The dawning of World War I, brought many changes, and shaving was one of them. No longer dependent on their barbers a daily shave for men was the new expectation. But, if those same razors were left helpless and alone, it wasn’t unusual for a wife or sister to sneak in and take them for a test drive. Marketing, after all, was working double time to convince women that a hair free body would free them from all their woes; economic and social. You can blame it on Harper’s Bazaar.
May 1915 to be exact.
Summer dress and Modern Dancing combine to make necessary the removal of objectionable hair, it said under a picture of a scantily clad woman with her arm raised. The ad was for a depilatory powder but the mood was set. Underarm hair was about as glamorous as ketchup on a white dress. If you wanted to get the guys, you’d better fix that ASAP. Women had no reason to fear, however. King Gillette was soon to be not just king of the razor, but king of their hearts. In 1916 he came out with a razor specifically for those delicate little underarms; the Gillette Milady Decollete.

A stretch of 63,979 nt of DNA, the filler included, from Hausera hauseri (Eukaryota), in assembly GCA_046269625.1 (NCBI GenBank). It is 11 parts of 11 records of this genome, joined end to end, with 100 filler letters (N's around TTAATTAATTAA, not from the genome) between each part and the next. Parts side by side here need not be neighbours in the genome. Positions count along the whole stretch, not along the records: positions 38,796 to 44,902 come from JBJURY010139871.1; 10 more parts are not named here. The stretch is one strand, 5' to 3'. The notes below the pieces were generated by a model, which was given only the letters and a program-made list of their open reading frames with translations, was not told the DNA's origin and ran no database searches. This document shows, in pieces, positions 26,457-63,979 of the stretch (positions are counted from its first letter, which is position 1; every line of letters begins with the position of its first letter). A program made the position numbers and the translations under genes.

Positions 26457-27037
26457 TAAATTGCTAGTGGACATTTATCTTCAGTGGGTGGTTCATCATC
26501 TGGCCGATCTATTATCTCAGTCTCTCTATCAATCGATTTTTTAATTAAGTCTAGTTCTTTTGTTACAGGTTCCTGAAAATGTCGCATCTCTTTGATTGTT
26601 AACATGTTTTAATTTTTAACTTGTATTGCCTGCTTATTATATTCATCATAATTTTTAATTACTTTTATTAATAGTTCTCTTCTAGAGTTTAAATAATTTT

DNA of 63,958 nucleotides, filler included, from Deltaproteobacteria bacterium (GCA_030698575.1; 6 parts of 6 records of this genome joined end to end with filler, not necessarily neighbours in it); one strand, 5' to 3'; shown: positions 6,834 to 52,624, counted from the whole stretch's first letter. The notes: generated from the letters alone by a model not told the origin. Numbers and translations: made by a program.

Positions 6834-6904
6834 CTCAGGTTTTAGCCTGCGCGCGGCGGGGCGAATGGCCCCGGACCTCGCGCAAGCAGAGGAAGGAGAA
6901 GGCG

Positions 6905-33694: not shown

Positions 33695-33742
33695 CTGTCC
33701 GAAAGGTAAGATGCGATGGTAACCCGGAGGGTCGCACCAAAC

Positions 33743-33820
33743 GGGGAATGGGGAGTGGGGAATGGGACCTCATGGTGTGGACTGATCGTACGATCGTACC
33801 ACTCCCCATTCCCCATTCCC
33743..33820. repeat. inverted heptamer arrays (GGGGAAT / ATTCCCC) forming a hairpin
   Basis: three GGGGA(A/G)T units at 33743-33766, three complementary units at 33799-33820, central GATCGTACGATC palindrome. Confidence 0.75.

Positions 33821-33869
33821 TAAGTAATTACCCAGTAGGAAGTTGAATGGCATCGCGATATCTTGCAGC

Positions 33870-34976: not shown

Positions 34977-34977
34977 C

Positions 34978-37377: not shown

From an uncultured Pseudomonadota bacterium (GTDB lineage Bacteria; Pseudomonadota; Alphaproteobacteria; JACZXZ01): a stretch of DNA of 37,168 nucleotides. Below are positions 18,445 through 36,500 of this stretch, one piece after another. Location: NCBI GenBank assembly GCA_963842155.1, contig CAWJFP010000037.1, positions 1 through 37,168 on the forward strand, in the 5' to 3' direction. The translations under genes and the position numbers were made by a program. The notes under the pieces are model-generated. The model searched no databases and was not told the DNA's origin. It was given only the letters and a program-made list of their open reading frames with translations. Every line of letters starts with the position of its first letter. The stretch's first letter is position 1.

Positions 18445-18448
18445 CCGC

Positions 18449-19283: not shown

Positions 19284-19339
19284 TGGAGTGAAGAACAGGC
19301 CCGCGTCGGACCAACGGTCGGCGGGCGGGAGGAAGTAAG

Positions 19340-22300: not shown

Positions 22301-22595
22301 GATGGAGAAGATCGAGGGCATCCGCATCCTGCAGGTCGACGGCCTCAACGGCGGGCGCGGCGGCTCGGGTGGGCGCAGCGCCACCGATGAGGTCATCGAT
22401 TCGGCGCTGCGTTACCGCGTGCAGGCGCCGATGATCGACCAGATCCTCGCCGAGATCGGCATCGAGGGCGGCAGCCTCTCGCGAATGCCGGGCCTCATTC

I have a vision, said the King, of a utopia, where women are all beautifully hairless, and he used his advertising skills to help his dream come true. Notice he refers to hairless underarms as a feature of good dressing and grooming. So if you don’t shave, you’re a slob. Unless you wanted to date Wilbur, your uncles prized pig, you’d better get that razor. In other ad’s Gillette referred to razors as a “modern necessity”, or a product for the “modern woman.”
By the time World War II rolled around women had a new challenge; their legs. Before the war, women could hide hairy legs under thick nylon stockings, but now Uncle Sam was hoarding a whopping 97% of the countries nylon. If you wanted to have the smooth leg look liquid stockings were now the only option. Basically, this was just foundation for your legs. Funny thing about those. For some reason they just couldn’t hide leg hair. It wasn’t as quick as pulling on a pair of stockings either. It was time consuming enough just to put make-up on your face. With all the added duties women had during the war, constantly painting on pantyhose just wasn’t going to cut it.
It was the Remington company that saw woman’s lack as their companies gain. They introduced the first electric razor designed for women in 1940. Things couldn’t get much easier, and by the 1950’s women shaving was a done deal.
Of course nowadays it’s taken for granted that most American women shave, and razor companies have met our enthusiasm with a wide variety of razors uniquely made for us. We even get our own special tax just for the privilege. It’s called the pink tax. Products for women average about 42% more than their male counter parts. Hum, maybe my husband’s razor isn’t so bad after all.
Plucked: A History of Hair Removal, Rebecca M. Herzig